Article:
At least five dead, more missing after Philippine quake
PADADA, PHILIPPINES Rescuers pulled out two bodies yesterday from a three-storey building that collapsed in a strong earthquake in southern Philippines and scrambled to find at least seven more people who were trapped inside.
Army troops, police, firefighters and volunteers, armed with sound and motion detectors, located a third body in the rubble of the building in Davao's Padada town but could not immediately extricate the remains pinned in slabs of cement, Padada Mayor Pedro Caminero said.
At least five people died in Sunday's quake that struck Padada and outlying rural towns, cities and provinces.
A child died after being hit by a collapsed wall in her house and a woman in her 70s died from a heart attack during the quake, officials said.
"We're looking for about seven more," Mr Caminero said by phone from Padada.
Distraught relatives waited in a cordoned area as rescuers worked overnight in search of their relatives.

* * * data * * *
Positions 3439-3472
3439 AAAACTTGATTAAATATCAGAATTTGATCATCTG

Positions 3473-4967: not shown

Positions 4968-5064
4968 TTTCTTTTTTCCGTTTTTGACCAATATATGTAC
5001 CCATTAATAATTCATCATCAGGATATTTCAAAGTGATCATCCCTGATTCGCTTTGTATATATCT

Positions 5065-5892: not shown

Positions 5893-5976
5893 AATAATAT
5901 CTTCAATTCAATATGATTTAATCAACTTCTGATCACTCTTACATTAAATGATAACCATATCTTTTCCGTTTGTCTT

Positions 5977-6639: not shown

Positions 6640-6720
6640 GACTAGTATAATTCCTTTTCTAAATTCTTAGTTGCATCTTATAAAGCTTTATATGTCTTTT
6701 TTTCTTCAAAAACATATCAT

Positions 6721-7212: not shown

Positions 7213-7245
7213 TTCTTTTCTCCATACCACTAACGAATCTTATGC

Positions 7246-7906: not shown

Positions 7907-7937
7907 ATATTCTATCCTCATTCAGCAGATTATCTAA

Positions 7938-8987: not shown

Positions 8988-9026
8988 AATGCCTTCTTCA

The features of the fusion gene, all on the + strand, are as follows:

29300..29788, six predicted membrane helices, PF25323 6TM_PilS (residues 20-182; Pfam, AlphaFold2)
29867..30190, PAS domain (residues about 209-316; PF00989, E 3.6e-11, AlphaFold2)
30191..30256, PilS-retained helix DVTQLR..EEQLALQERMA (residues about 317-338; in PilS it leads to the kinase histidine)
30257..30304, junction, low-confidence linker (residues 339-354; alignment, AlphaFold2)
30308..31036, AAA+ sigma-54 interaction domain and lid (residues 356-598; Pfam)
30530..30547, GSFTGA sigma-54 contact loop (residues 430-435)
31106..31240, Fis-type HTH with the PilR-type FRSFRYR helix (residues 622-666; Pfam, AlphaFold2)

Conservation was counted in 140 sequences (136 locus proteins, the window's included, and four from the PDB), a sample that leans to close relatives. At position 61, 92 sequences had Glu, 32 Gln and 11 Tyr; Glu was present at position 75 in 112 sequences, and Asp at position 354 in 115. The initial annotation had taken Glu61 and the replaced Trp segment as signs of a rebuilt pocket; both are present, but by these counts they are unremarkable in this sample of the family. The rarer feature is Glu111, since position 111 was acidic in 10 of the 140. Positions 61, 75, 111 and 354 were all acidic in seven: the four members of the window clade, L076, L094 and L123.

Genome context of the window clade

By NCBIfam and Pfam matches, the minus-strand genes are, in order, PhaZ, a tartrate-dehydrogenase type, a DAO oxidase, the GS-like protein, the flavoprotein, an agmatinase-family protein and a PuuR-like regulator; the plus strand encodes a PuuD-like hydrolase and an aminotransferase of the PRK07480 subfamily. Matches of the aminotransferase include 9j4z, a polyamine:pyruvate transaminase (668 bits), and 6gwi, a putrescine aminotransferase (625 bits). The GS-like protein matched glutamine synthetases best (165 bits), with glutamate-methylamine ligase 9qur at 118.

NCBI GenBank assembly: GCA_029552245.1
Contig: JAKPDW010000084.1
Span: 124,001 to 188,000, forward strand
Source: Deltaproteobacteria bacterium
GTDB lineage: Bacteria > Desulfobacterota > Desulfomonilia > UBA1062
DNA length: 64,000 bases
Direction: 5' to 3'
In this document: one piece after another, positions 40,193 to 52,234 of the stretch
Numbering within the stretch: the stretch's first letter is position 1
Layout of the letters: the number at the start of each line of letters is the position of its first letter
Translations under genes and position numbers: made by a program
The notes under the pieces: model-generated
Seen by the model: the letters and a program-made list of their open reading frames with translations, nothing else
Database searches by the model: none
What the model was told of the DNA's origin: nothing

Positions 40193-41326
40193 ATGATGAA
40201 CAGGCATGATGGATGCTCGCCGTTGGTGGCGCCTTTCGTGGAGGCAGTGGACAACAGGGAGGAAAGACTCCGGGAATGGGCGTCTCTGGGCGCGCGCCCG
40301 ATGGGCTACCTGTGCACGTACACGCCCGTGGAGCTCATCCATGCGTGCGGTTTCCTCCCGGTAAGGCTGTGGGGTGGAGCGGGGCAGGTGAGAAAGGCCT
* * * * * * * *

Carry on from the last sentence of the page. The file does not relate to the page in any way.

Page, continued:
Several shoppers managed to dash out of the building, which housed a grocery store, as the ground shook, including a number who were escorted out with injuries.
A total of 84 people were injured in the quake, officials said.
A city and four towns near the quake's epicentre were still without power yesterday, and classes were cancelled in a broad area to give time for inspections of school buildings.
The Davao region has been hit by at least three powerful earthquakes in recent months, causing several deaths and scores of injuries and badly damaging houses, town halls, hotels, malls and hospitals.
The Philippine archipelago lies on the so-called Pacific "Ring of fire," an arc of faults around the Pacific Ocean where most of the world's earthquakes occur.
It is also lashed by about 20 typhoons and other severe storms each year, making the South-east Asian nation of more than 100 million people one of the world's most disaster-prone countries. - AP